When to Plant Confederate Jasmine

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Versatile Confederate jasmine (Trachelospermum jasminoides) works well as a ground cover, as a screen for a fence or trellis, to cover a mailbox post or as a potted plant. It grows outdoors year-round in U.S. Department of Agriculture plant hardiness zones 7b through 10, but can also do well as an annual or container-grown plant in colder regions if you bring it indoors for winter. Planting a Confederate jasmine is simple, provided you do this at the right time for your climate.


Possible Planting Times

If you live in USDA zone 9 and above, where winters are warm and often frost-free, you can plant a Confederate jasmine vine at any time.

In USDA zone 7b or 8, where winter temperatures can fall as low as 10 or 20 degrees Fahrenheit, don't plant it in winter. Instead, set the plant in the ground in spring, once temperatures stay above about 40 degrees Fahrenheit. This gives the plant time to put out new roots and some top growth before summer heat arrives. You can also plant in summer, but if you do, keep the plant well-watered to promote good growth. Planting in fall can also be successful, provided it's done early, at least several weeks before your expected first frost, so the plant can put out new roots before cold weather arrives.



Confederate jasmine is also called star jasmine because of its white, fragrant, star-shaped flowers. A vigorous vine, it's evergreen in most of its range, but its leaves can turn bronze when temperatures drop in cooler areas. Its vines extend up to 20 feet, readily climbing into trees or onto a support. It also makes an attractive hanging plant in a container, with vines cascading from its pot.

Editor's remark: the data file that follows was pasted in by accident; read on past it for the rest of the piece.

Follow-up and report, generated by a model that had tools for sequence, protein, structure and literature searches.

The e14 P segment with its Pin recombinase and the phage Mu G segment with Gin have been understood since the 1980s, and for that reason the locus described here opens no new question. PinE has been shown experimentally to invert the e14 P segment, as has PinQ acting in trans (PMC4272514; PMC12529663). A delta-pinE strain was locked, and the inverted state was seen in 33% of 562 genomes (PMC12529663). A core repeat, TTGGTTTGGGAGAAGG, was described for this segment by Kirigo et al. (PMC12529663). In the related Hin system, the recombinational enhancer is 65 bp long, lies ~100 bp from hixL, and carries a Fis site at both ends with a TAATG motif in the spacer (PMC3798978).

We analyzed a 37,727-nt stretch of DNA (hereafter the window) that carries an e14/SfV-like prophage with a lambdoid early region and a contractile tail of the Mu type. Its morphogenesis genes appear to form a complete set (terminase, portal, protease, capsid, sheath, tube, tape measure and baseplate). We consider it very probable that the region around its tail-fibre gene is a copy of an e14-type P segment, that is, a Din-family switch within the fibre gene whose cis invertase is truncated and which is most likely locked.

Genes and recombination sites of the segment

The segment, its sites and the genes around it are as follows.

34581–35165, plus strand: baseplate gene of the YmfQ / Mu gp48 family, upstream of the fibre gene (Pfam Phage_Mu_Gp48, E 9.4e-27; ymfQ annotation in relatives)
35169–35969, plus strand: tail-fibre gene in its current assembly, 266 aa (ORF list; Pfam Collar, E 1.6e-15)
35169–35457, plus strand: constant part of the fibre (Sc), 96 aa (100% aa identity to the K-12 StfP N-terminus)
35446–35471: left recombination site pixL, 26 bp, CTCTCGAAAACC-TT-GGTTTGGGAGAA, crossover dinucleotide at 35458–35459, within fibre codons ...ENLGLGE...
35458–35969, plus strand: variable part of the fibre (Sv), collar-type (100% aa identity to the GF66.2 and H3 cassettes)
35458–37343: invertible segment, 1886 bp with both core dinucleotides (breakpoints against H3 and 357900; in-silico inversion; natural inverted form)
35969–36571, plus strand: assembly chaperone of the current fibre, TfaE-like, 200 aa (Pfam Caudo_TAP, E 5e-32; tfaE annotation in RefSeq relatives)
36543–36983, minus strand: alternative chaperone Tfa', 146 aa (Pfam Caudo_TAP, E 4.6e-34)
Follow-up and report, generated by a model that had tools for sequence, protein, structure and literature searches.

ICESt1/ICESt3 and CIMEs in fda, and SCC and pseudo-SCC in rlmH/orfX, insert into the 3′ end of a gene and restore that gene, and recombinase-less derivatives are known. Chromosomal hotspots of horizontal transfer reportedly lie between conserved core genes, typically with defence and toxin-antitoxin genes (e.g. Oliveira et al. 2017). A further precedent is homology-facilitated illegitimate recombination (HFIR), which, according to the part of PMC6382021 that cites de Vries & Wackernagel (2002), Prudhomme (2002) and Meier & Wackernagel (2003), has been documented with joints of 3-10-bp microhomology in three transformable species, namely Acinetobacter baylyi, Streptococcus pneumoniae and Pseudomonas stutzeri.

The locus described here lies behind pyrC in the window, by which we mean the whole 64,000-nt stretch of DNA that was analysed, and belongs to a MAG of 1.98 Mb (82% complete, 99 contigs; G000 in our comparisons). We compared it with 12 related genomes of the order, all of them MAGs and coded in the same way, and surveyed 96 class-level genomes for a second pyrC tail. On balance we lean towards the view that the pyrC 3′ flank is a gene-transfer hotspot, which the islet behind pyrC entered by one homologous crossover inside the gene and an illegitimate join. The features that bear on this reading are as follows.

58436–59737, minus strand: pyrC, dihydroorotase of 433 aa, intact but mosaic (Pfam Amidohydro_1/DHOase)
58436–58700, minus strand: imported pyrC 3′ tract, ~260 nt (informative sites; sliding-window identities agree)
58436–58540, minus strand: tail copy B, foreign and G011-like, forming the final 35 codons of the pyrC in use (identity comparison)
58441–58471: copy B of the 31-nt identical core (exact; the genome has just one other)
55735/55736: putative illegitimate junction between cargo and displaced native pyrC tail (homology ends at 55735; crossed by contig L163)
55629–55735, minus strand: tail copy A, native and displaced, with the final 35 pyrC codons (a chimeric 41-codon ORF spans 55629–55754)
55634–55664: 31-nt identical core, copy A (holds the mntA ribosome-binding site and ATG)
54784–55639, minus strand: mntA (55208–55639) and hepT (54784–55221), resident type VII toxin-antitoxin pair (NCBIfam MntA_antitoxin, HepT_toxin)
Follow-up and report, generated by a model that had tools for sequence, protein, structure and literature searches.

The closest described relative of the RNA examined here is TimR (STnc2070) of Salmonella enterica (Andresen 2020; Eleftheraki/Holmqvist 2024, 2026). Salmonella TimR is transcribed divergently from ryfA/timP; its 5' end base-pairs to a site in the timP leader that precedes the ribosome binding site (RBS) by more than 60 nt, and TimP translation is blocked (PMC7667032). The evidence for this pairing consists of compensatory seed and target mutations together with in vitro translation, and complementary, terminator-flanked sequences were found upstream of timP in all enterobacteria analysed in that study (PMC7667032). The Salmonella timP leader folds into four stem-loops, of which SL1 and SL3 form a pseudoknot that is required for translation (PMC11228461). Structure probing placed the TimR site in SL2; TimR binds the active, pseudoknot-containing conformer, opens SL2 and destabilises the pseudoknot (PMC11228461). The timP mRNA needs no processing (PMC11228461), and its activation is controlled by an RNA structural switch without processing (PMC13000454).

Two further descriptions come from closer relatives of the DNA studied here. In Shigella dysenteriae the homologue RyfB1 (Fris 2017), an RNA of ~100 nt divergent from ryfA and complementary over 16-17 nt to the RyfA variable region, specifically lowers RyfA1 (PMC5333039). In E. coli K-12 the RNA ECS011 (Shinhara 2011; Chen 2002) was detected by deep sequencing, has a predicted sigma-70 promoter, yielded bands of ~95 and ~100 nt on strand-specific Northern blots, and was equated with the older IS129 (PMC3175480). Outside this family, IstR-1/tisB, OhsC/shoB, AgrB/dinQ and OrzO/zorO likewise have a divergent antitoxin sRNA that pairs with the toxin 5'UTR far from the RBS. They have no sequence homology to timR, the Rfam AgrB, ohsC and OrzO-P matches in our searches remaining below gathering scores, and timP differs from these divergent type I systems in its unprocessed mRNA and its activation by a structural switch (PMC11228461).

Planting Details

Sun and Soil

If you plant a Confederate jasmine in the ground, choose a spot that gets full sun for best flowering. It can also grow well in partial shade, especially in areas with hot summers where some afternoon shade helps protect the plant from scorching.

This plant isn't fussy about soil, provided it's well-draining, but it prefers a loam rich in organic matter. You can improve your soil's organic content by mixing a 1-inch layer of compost into your planting area. If your soil contains clay and drains slowly, mix in a 1- to 2-inch layer of coarse sand at planting to improve its drainage. For a potted plant, use a standard commercial potting mixture and make sure the container has drainage holes.


Plant Spacing

Spacing between multiple plants depends to some degree on how and where you plant:

  • To use Confederate jasmine as a ground cover, set plants about 6 feet apart, allowing them to spread as they grow.
  • When supported, the vines can become quite long, so space them 8 to 10 feet apart on a fence for full coverage.
  • If you want the vine to climb a tree, set one plant at the base of the tree. For a large tree, use two plants, one on either side of the trunk.


Depth and Watering

Plant the vine at a depth that keeps it at the same depth as it was in its nursery pot, back-filling with soil that you tamp down firmly. Water the plant well after planting to ensure no air remains around its roots.


A Confederate jasmine vine grows vigorously and becomes difficult to prune for size control when allowed to grow into a tree. Do not grow it on small trees near structures because the weight of a mature vine may topple the tree.

Some Extra Care

Confederate jasmine is a tough, easy-to-grow plant with few problems once it's established. It's helpful to give a newly planted vine extra water during its first few weeks. Water the plant whenever the top 1 inch of soil feels dry to the touch. Adding a 2- to 3-inch layer of organic mulch, such as shredded bark, over the roots also helps retain soil moisture, while keeping down weeds. Keep the mulch back several inches from the plant's stems to discourage disease problems.